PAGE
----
Like all writers (it's almost safe to say) he was a big drinker. (See Hemingway, Fitzgerald, Faulkner, Cheever, Mailer, et al.) I once startled Gore by saying I'd just read that each drink kills more than 10,000 brain cells. He paled. "But you've got billions of brain cells," I reassured him. Gore responded: "But I've had billions of drinks."

Quotes of his are collected. It would be hard to dislike a man who was opposed to gay marriage "... because heterosexual marriage is such a disaster, why would anyone want to imitate it?" Or of Andy Warhol: "The only genius I've ever known with an IQ of 60."

Opinion: My friend, il maestro Gore Vidal

I don't have Gore's exact wording, but he once urged the idea that anyone who professes himself qualified to run for president of the United States should be immediately stopped and prevented from doing so.

He once made the statement -- only partially seriously? -- that the country's problems were all potentially curable by the simple method of listening to what he said.

He ran the only witty political campaign this side of Adlai Stevenson. He likely would not have made a great occupant of the Oval Office, but imagine the fun of those press conferences!

I once did a half-hour show, seen on PBS, with Gore from his fabulous castle-like home perched above a gorgeous valley at Ravello, Italy. Jet lag awoke me early one morning, and I peeked into his closed writing room. An old-style Royal typewriter sat at the precise center of a long, heavy antique table. Books extended outward from both sides of the typewriter for a couple of feet in both directions, all of them written by the occupant. I closed the door again, quietly, and got my breath.

The fact that some feel his greatest work is in his collected essays should be a word to the wise. They're stunning.

What a man and what a loss. I don't see how anyone could say or think anything negative about one who said, "Success is not enough. One's friends must fail."

Follow @CNNOpinion on Twitter.

Join us at Facebook/CNNOpinion.

The opinions expressed in this commentary are solely those of Dick Cavett.

ADVERTISEMENT
Part of complete coverage on
updated 9:57 PM EDT, Thu September 18, 2014
Ruben Navarrette says spanking is an acceptable form of disciplining a child, as long as you follow the rules.
updated 9:58 PM EDT, Thu September 18, 2014
Steven Holmes says spanking, a practice that is ingrained in our culture, accomplishes nothing positive and causes harm.
updated 2:31 PM EDT, Thu September 18, 2014
Sally Kohn says America tried "Cowboy Adventurism" as a foreign policy strategy; it failed. So why try it again?
updated 10:27 AM EDT, Thu September 18, 2014
Van Jones says the video of John Crawford III, who was shot by a police officer in Walmart, should be released.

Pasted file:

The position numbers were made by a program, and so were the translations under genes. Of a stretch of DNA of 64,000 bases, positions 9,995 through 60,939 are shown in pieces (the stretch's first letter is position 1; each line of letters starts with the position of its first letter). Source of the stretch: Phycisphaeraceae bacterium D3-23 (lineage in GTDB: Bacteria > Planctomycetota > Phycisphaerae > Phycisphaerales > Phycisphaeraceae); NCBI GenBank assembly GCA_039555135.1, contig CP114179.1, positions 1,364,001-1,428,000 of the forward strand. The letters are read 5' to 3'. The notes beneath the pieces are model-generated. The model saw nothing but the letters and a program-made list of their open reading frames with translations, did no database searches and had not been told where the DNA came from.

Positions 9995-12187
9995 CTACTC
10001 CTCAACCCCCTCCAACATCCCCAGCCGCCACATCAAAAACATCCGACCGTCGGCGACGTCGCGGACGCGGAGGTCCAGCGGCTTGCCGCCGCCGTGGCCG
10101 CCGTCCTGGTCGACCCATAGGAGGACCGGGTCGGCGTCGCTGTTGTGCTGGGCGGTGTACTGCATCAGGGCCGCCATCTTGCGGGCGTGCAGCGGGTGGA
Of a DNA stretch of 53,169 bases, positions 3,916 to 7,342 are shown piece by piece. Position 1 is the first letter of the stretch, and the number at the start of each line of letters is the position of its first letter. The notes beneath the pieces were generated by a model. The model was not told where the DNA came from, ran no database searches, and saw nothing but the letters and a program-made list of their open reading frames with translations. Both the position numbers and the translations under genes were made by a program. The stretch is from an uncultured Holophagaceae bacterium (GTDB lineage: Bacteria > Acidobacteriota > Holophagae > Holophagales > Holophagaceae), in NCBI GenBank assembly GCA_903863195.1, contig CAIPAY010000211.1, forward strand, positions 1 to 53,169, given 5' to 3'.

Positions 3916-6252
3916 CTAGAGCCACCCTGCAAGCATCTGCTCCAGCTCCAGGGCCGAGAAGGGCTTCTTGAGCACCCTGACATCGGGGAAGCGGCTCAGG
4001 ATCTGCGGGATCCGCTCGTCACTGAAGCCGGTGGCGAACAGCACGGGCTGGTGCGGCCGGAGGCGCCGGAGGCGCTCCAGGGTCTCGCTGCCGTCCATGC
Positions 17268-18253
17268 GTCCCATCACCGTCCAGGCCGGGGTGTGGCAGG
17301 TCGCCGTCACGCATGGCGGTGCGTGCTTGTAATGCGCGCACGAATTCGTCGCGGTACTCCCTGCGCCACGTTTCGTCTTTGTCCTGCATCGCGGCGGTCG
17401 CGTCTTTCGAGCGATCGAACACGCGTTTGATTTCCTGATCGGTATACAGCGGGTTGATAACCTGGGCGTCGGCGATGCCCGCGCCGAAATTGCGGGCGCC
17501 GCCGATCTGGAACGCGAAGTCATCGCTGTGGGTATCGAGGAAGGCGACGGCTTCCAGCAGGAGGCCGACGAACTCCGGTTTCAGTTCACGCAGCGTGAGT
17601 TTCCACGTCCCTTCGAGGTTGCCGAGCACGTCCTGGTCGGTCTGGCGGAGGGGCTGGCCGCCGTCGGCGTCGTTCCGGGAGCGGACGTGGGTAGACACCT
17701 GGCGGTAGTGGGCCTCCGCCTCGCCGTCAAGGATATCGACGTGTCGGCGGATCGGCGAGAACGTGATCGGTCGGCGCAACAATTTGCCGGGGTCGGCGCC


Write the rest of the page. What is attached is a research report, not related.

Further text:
updated 10:48 AM EDT, Thu September 18, 2014
NASA will need to embrace new entrants and promote a lot more competition in future, argues Newt Gingrich.
updated 7:15 PM EDT, Tue September 16, 2014
If U.S. wants to see real change in Iraq and Syria, it will have to empower moderate forces, says Fouad Siniora.
updated 8:34 PM EDT, Wed September 17, 2014
Mark O'Mara says there are basic rules to follow when interacting with law enforcement: respect their authority.
updated 9:05 AM EDT, Tue September 16, 2014
LZ Granderson says Congress has rebuked the NFL on domestic violence issue, but why not a federal judge?
updated 7:49 AM EDT, Tue September 16, 2014
Mel Robbins says the only person you can legally hit in the United States is a child. That's wrong.
updated 1:23 PM EDT, Mon September 15, 2014
Eric Liu says seeing many friends fight so hard for same-sex marriage rights made him appreciate marriage.
updated 4:55 PM EDT, Fri September 12, 2014
David Wheeler wonders: If Scotland votes to secede, can America take its place and rejoin England?
updated 4:36 PM EDT, Fri September 12, 2014
World-famous physicist Stephen Hawking recently said the world as we know it could be obliterated instantaneously. Meg Urry says fear not.
updated 1:21 PM EDT, Thu September 11, 2014
Sally Kohn says bombing ISIS will worsen instability in Iraq and strengthen radical ideology in terrorist groups.
updated 9:27 AM EDT, Thu September 11, 2014
Artist Prune Nourry's project reinterprets the terracotta warriors in an exhibition about gender preference in China.
updated 9:36 AM EDT, Wed September 10, 2014
The Apple Watch is on its way. Jeff Yang asks: Are we ready to embrace wearables technology at last?
ADVERTISEMENT
ADVERTISEMENT
ADVERTISEMENT
ADVERTISEMENT